Provided by: unixcw_2.3-7_i386 bug

NAME

       CW - the international Morse code

DESCRIPTION

       CW  is  an  abbreviation  for  "continuous  wave",  the  commonly  used
       technical term for Morse code  communication.   A  basic  knowledge  or
       understanding  of  Morse  code  is a requirement for Radio Amateurs and
       Marine Radio Operators in many parts of the world.

   MORSE CODE TIMINGS
       In Morse code, a dot or dash is referred to as an element.   The  basic
       timing  unit  is the dot period.  This is the time taken to send a dot,
       not including any space before or after the dot.  The  lengths  of  all
       other  elements  are  then  derived  from  this  basic  unit, using the
       following rules:

              The duration of a dash is three dots.

              The time between each element (dot or dash) is one dot length.

              The space between characters is three dot lengths.

              The space between words is seven dot lengths.

       The following formula calculates the dot period  in  microseconds  from
       the Morse code speed in words per minute:

              dot period = ( 1200000 / speed )

       This formula arises from the use of the word PARIS as a ’standard’ word
       for calibrating Morse code speed.  PARIS is 50 units long when sent  in
       Morse  code.  Analysis of English plain-text indicates that the average
       word is 50 units, including spaces.

   MORSE CODE CHARACTERS
       The following list shows the IS0 8859-1 (Latin-1) characters that  have
       commonly understood representations in Morse code:

              ABCDEFGHIJKLMNOPQRSTUVWXYZ0123456789"$()+-./:;=?_@ and space

       In  addition,  following  ISO 8859-1 and ISO 8859-2 accented characters
       are also part of the generally accepted international Morse code:

              ÜÄÇÖÉÈÀѪ®

       Finally, cwlib adds the following ASCII  characters  as  extensions  to
       single character procedural signals:

              <>!&^~

   MORSE CODE CHARACTER TABLES
       The  following  table  shows  the  Morse  code  equivalents for the ISO
       8859-1, accented ISO 8859-1, and accented ISO 8859-2 characters  above.
       The  ASCII  portion  of this table is taken from the ARRL Handbook, and
       the accented extensions from various other sources:

       Ch   Code     Ch   Code     Ch   Code      Ch   Code
       -------------------------------------------------------

       A    .-       B    -...     C    -.-.      D    -..
       E    .        F    ..-.     G    --.       H    ....
       I    ..       J    .---     K    -.-       L    .-..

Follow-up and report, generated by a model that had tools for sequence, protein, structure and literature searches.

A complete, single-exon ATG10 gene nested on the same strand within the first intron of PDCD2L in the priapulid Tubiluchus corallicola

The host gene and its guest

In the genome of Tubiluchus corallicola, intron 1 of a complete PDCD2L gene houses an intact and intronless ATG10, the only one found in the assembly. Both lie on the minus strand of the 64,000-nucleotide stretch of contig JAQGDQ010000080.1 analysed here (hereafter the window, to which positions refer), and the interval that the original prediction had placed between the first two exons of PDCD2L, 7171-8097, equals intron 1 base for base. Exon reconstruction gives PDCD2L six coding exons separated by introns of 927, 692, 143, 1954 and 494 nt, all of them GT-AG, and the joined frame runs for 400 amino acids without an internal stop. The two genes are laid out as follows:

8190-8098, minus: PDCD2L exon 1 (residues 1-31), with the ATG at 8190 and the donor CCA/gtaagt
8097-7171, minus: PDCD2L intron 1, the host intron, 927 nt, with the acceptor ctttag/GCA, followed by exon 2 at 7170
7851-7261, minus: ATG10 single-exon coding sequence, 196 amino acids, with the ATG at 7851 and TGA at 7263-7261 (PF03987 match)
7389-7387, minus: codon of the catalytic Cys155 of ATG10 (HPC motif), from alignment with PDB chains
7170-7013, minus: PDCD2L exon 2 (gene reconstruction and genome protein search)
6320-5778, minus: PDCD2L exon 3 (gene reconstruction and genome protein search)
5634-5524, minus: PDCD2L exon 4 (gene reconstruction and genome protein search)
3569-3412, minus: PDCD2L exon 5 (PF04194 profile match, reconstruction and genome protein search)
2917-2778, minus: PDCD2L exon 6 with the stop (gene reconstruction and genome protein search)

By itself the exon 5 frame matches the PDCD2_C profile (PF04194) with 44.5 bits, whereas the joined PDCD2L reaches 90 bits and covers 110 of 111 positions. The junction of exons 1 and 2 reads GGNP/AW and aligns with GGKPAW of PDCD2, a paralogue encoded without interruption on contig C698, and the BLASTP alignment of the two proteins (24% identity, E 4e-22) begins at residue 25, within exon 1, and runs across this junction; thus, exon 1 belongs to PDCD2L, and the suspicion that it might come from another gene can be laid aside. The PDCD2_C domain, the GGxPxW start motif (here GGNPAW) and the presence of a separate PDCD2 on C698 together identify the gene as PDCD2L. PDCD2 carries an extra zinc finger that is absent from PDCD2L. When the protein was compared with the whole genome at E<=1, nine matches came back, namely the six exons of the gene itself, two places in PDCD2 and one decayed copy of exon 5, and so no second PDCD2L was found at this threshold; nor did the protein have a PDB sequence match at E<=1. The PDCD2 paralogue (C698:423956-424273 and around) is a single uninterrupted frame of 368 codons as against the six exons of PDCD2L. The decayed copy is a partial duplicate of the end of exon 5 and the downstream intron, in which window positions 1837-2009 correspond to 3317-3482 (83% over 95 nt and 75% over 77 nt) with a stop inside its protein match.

M    --       N    -.       O    ---       P    .--.
       Q    --.-     R    .-.      S    ...       T    -
       U    ..-      V    ...-     W    .--       X    -..-
       Y    -.--     Z    --..

       0    -----    1    .----    2    ..---     3    ...--
       4    ....-    5    .....    6    -....     7    --...
       8    ---..    9    ----.

       "    .-..-.   ’    .----.   $    ...-..-   (    -.--.
       )    -.--.-   +    .-.-.    ,    --..--    -    -....-
       .    .-.-.-   /    -..-.    :    ---...    ;    -.-.-.
       =    -...-    ?    ..--..   _    ..--.-

       Ü    ..--     Ä    .-.-     Ç    -.-..     Ö    ---.
       É    ..-..    È    .-..-    À    .--.-     Ñ    --.--
       ª    ----     ®    --..-

       In addition to the above standard characters, the following  characters
       are  conventionally  used  for  punctuation  and  procedural signals as
       follows:

       Ch   Code     Ch   Code     Ch   Code      Ch   Code
       -------------------------------------------------------
       "    .-..-.   ’    .----.   $    ...-..-   (    -.--.
       )    -.--.-   +    .-.-.    ,    --..--    -    -....-
       .    .-.-.-   /    -..-.    :    ---...    ;    -.-.-.
       =    -...-    ?    ..--..   _    ..--.-    @    .--.-.

       and the following are non-conventional extensions implemented by cwlib:

       Ch   Code     Ch   Code      Ch   Code    Ch   Code
       -----------------------------------------------------
       <    ...-.-   >    -...-.-   !    ...-.   &    .-...
       ^    -.-.-    ~    .-.-..

       An  alternative  view  of  punctuation  and  procedural  signals  is as
       combination Morse characters:

       Ch   Prosig      Ch   Prosig   Ch   Prosig   Ch   Prosig
       ---------------------------------------------------------
       "    [AF]        ’    [WG]     $    [SX]     (    [KN]
       )    [KK]        +    [AR]     ,    [MIM]    -    [DU]
       .    [AAA]       /    [DN]     :    [OS]     ;    [KR]
       =    [BT]        ?    [IMI]    _    [IQ]     @    [AC]
       <    [VA],[SK]   >    [BK]     !    [SN]     &    [AS]
       ^    [KA]        ~    [AL]

NOTES

       Despite the fact that this  manual  page  constantly  and  consistently
       refers to Morse code elements as dots and dashes, DO NOT think in these
       terms when trying to learn Morse code.  Always think of them as  ’dit’s
       and ’dah’s.

SEE ALSO

       Man    pages    for    cwlib(3,LOCAL),   cw(1,LOCAL),   cwgen(1,LOCAL),
       cwcp(1,LOCAL), and xcwcp(1,LOCAL).